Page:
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Florida First DCA rules that medical negligence allegation cannot form the basis of a claim of abuse claim under Florida’s Adult Protective Services Act and health care provider tortfeasor was not entitled to allocate fault with independent, subsequent tor

On July 15, 2019, in Specialty Hospital-Gainesville, Inc. v. Barth, No. 1D18-511, the Florida First DCA reversed a judgment in favor of the plaintiff in case which was brought under both Florida’s medical negligence statute and Florida Adult Protective Services Act (“FAPSA”), Section 415.101-415.113, Florida Statutes.  The plaintiff was a patient at  Specialty Hospital-Gainesville (“Specialty”), a long-term acute-care facility which provides medical treatment to wean patients off breathing ventilators and wound care.  While he has was the hospital, he developed a deep-tissue ulcer and subsequent infections which were the damages alleged in this case.  In addition to suing the hospital for medical negligence, the plaintiff alleged that his care and treatment at the hospital constituted a violation of FAPSA, which provides a cause of action for abuse, neglect or exploitation of vulnerable adults.  One of the defendant’s defenses at trial was that a second health care provider, Heartland of Orange Park (“Heartland”), was includible on the verdict sheet as a Fabre defendant who was comparatively negligent for the plaintiff’s damages.  Heartland provided  treatment of Mr. Barth for the deep-tissue ulcer after he was discharged from Specialty, and Specialty argued that Heartland allowed the pressure sore incurred at its facility to progress into a more serious deep-tissue wound.  The plaintiff prevailed at trial on both counts against Specialty.  However, the  jury found that there was comparative fault on the part of Heartland, apportioning 30% of fault to Specialty and 70% of fault to Heartland. Both parties appealed, with the plaintiff appealing the inclusion of Heartland as a Fabre defendant and the defendant appealing the inclusion of the count alleging a violation of FAPSA in the complaint.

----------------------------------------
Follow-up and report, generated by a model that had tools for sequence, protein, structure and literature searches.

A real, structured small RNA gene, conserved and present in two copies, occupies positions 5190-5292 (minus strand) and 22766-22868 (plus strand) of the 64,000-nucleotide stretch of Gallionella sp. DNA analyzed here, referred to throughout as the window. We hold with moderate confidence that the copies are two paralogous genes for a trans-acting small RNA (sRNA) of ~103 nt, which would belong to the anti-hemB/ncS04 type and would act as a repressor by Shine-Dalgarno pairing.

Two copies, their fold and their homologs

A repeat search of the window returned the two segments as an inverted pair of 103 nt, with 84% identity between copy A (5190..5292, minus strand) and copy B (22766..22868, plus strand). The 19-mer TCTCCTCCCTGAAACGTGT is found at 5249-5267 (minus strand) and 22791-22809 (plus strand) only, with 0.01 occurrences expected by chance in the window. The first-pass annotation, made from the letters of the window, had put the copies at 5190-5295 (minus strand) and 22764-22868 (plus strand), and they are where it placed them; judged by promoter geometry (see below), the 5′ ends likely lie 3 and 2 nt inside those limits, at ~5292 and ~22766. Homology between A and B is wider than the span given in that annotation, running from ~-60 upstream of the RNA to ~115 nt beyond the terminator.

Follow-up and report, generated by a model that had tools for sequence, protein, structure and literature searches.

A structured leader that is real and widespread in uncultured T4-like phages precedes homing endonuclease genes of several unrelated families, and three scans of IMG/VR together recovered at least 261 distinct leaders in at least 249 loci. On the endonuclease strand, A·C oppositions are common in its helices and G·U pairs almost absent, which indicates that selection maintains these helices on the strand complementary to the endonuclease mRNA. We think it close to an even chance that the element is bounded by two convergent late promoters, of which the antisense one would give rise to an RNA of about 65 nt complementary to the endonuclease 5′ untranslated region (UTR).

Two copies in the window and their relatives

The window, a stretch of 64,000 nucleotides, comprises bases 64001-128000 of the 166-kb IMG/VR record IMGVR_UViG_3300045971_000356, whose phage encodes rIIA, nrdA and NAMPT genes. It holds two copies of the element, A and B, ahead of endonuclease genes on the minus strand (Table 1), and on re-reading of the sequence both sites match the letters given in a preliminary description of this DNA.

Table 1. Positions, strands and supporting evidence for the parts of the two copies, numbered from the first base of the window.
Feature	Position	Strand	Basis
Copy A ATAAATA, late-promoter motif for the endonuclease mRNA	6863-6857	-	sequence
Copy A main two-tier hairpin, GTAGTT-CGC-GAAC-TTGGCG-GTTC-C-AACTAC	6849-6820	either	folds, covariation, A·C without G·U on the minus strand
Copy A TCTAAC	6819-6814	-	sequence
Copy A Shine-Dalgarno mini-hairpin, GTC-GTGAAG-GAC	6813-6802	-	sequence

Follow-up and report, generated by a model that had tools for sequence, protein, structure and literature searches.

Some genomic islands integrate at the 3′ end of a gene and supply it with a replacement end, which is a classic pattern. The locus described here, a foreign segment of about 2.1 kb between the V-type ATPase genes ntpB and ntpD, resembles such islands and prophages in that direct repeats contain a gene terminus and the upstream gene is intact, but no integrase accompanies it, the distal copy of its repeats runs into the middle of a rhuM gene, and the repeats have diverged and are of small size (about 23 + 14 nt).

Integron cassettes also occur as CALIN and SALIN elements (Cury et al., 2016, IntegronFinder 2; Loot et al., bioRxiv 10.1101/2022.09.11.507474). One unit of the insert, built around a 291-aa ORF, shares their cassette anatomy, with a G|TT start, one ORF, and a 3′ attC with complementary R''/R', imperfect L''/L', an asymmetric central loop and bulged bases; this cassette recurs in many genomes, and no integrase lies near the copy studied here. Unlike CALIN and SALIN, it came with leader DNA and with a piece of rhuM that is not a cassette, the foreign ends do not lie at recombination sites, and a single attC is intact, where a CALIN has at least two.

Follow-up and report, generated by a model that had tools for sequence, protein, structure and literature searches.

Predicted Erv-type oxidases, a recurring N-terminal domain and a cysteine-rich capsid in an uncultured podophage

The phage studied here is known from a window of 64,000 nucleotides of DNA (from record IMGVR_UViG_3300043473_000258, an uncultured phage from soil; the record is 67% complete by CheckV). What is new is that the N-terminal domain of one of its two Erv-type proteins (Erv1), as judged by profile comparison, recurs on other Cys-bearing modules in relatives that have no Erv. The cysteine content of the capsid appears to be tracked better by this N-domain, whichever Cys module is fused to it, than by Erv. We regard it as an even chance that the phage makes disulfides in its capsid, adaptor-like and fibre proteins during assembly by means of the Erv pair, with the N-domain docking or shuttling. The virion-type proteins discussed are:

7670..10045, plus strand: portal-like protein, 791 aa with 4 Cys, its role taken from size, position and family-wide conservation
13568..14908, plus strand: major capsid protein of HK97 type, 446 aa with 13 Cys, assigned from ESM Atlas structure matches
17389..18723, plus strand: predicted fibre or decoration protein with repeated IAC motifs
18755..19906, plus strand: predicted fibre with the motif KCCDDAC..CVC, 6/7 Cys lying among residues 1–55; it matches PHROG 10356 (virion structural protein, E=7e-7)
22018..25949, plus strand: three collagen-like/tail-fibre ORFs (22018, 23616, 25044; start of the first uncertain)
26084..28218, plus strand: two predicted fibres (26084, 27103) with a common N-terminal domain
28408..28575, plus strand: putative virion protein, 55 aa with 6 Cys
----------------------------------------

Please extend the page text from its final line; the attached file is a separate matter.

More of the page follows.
The First DCA ruled in favor of the defendant regarding the FAFSA count, noting that it has previously ruled that Chapter 415 was not intended to provide an alternative cause of action for medical negligence. See Bohannon v. Shands Teaching Hosp. & Clinics, Inc., 983 So. 2d 717, 720-21 (Fla. 1st DCA 2008). The First DCA ruled in favor of the plaintiff on the Fabre issue.  The Court noted that “no one in this case testified that, more likely than not, Mr. Barth’s damages would have been different without Heartland’s negligence; in fact, the experts testified that Specialty’s negligence alone made the resulting injury inevitable.” In addition, the Court opined that even if Heartland had contributed to making the plaintiff’s injuries worse, it’s treatment of the plaintiff was as an aggravating intervening cause making it an independent subsequent tortfeasor rather than a joint tortfeasor with Specialty.  The First DCA cited in support of this conclusion Stuart v. Hertz Corp., 351 So. 2d 703, 707 (Fla. 1977) (negligent medical provider was not joint tortfeasor with driver who caused the plaintiff’s original injuries) and Dungan v. Ford, 632 So. 2d 159, 162 (Fla. 1st DCA 1994) (plaintiff entitled to jury instruction “that the original tortfeasor was liable for damages caused by subsequent improper medical treatment which aggravates or increases the original injury”); see also Caccavella v. Silverman, 814 So. 2d 1145, 1148-49 (Fla. 4th DCA 2002), review denied, 860 So. 2d 976 (Fla. 2003).   The First DCA accordingly reversed and remanded with a direction that Heartland be removed from the verdict and final judgment as a non-party and that all damages be assessed against Specialty.

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